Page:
In November 1995, the Dayton Agreement was signed, ending the war in Bosnia. This major achievement of American diplomacy was made possible by effective geopolitics and the diplomatic skills of America’s chief negotiator, the late Richard Holbrooke. It put a stop not only to armed conflict, but to civilian massacres and ethnic cleansing. Nonetheless, there is no award-winning Broadway show called Dayton, nor is there likely to be one. There is, however, Oslo. J. T. Rogers’s play dramatizes the negotiations that led to the far-less successful first Oslo Accord, which was signed by Israel’s foreign minister, Shimon Peres, and the Palestinian leader Ahmed Qurei (Abu Ala) in Norway, and sealed shortly thereafter in the famous Clinton-facilitated handshake between Prime Minister Yitzhak Rabin and PLO Chairman Yasser Arafat on the White House lawn on September 13, 1993.
If this discrepancy is less than surprising, it is still worth noting. Americans have been obsessed with attempts to make what President Trump likes to call “the ultimate deal” of Israeli–Arab peace for at least half a century. One can catch a hint of this obsession in the headline of the New York Times rave review of the new Lincoln Center production of Rogers’s play, which runs through the summer: “‘Oslo’ Fills a Large Canvas in a Thrilling Production.” The play, critic Ben Brantley wrote, “has now become the colossus it was always meant to be.” It certainly is long (three hours), and Rogers is a skillful dramatist, but whether he paints on a large enough canvas is a question to which I shall return.
Before offering my own, rather different view of Oslo, I should mention my limited role in the actual Oslo process. When the talks began, I was Rabin’s peace negotiator with Syria, a separate—and to some extent—competing track of Arab–Israeli peace negotiations. By August of 1993, when the Israeli and Palestinian teams had come to agreement on a declaration of principles and an interim five-year agreement, I was also Israel’s ambassador to the United States. I joined the Israeli and Norwegian foreign ministers, Shimon Peres and Johan Holst, at Point Mugu Naval Air Station near Santa Barbara, to brief Secretary of State Warren Christopher and his team and get the Clinton administration’s endorsement. In the coming months, I participated in the transformation of this agreement into what would become “the Oslo process,” which would last throughout the 1990s.
The most important elements of the agreement were mutual recognition between Israel and the PLO, the construction of an autonomous Palestinian Authority in the Gaza Strip and parts of the West Bank, and Yasser Arafat’s return from his exile in Tunis to lead the Palestinian Authority. The issue of Palestinian statehood, along with other thorny issues such as the status of Jerusalem and the Palestinian claim for a right of return, was deferred until final status negotiations. It was a spectacular and controversial breakthrough—seemingly a rare successful case of “track two diplomacy,” while more public negotiations between Israel and a delegation of West Bank and Gaza Palestinians in Washington, D.C. were going nowhere.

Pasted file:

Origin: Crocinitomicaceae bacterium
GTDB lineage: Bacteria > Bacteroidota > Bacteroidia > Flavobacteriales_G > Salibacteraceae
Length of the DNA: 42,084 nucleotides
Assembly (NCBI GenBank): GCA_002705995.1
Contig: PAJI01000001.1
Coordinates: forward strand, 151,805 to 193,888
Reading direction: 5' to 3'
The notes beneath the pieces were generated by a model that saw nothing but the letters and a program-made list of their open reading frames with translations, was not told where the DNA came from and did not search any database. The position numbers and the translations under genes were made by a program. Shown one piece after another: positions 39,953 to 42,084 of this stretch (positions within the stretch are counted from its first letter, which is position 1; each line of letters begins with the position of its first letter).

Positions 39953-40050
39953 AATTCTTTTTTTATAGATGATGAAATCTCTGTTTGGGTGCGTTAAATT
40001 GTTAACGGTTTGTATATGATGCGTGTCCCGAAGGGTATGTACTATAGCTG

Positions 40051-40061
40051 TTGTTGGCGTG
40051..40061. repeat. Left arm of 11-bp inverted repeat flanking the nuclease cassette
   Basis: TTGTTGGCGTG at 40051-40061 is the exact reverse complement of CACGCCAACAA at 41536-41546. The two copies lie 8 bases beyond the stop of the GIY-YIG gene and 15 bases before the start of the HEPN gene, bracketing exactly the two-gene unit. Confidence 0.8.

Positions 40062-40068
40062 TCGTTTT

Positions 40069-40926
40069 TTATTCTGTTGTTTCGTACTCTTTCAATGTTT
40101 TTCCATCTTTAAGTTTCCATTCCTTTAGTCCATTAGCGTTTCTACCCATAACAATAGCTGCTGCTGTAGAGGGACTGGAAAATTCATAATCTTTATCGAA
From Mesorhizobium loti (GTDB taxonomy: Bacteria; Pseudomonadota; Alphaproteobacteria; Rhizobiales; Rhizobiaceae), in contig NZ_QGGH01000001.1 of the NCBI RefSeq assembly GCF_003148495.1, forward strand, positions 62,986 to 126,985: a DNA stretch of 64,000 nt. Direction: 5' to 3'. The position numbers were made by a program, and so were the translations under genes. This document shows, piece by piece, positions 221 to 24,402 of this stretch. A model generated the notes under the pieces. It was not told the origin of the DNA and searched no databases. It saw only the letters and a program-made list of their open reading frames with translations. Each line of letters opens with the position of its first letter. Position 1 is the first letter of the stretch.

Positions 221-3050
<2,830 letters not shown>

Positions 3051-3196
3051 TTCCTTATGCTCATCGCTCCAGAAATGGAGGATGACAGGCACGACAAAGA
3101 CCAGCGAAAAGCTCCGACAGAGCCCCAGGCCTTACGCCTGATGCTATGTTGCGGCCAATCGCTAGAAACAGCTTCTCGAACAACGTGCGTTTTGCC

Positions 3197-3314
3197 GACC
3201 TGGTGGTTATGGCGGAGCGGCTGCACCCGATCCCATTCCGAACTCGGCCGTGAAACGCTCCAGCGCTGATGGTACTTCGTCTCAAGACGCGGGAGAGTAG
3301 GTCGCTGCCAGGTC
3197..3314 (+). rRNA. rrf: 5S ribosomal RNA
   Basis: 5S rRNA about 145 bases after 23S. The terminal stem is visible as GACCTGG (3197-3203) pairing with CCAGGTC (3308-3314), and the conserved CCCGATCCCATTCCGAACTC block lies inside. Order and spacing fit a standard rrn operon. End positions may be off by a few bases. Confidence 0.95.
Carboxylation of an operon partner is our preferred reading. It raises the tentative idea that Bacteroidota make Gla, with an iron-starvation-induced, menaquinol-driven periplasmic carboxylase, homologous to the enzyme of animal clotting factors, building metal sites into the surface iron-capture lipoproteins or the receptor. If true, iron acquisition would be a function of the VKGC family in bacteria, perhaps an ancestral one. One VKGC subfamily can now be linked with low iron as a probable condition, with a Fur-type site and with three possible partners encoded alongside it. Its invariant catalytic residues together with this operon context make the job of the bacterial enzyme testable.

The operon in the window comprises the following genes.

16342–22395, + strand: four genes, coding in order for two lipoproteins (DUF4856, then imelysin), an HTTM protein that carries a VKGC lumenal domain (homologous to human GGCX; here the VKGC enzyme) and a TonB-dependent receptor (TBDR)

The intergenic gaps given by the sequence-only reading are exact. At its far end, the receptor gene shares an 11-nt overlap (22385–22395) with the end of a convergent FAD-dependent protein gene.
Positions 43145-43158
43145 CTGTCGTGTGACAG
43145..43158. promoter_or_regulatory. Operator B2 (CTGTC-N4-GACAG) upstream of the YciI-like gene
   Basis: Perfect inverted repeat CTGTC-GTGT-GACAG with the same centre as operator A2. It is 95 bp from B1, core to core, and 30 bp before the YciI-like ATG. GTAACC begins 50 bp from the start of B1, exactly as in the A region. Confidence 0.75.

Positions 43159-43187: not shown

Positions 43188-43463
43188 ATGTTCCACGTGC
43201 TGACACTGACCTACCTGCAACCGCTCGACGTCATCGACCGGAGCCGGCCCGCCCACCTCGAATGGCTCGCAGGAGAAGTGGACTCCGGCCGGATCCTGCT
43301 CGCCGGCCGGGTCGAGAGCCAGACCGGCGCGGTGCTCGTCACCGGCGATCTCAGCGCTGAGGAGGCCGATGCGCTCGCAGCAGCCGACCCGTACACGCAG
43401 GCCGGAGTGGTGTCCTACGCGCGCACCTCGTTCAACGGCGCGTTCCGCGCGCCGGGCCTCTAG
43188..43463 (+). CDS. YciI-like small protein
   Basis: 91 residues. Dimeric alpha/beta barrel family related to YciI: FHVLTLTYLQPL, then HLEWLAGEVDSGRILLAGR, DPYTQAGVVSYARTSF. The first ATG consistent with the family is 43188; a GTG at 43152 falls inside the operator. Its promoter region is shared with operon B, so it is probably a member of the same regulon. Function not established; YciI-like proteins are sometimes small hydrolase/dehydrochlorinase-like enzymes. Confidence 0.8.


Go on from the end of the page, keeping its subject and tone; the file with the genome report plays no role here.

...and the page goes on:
The compromises made by the two sides in Oslo were condemned by critics in their respective camps. Radical Palestinians saw the agreement as a capitulation to the continued existence of a Jewish state. The Israeli right wing objected to the recognition of Arafat and the PLO, and, even more, to bringing them to Gaza and the West Bank. Palestinian statehood was not part of the agreement, and not a single Israeli settlement was to be removed within the five-year interim period, but for the settler movement Oslo meant the end of their dream to add the West Bank to Israel proper.
The Oslo talks began with the initiative of Terje Rød-Larsen, the head of a Norwegian think tank, who secretly brought together two Israeli academics, Dr. Yair Hirschfeld and Dr. Ron Pundak, with senior members of the PLO. Hirschfeld and Pundak were working for Yossi Beilin, Shimon Peres’s chief aide, who had become deputy foreign minister with the formation of Rabin’s government in the summer of 1992. Beilin took his time before briefing Peres on the new diplomatic channel, and Peres took his time before he updated Rabin. Although one would not know it from the play, the political rivalry between Rabin and Peres was, in fact, an important dimension of Israeli diplomacy at the time. They were the Siamese twins of Israeli politics, now uncomfortably joined at the hip as prime minister and foreign minister.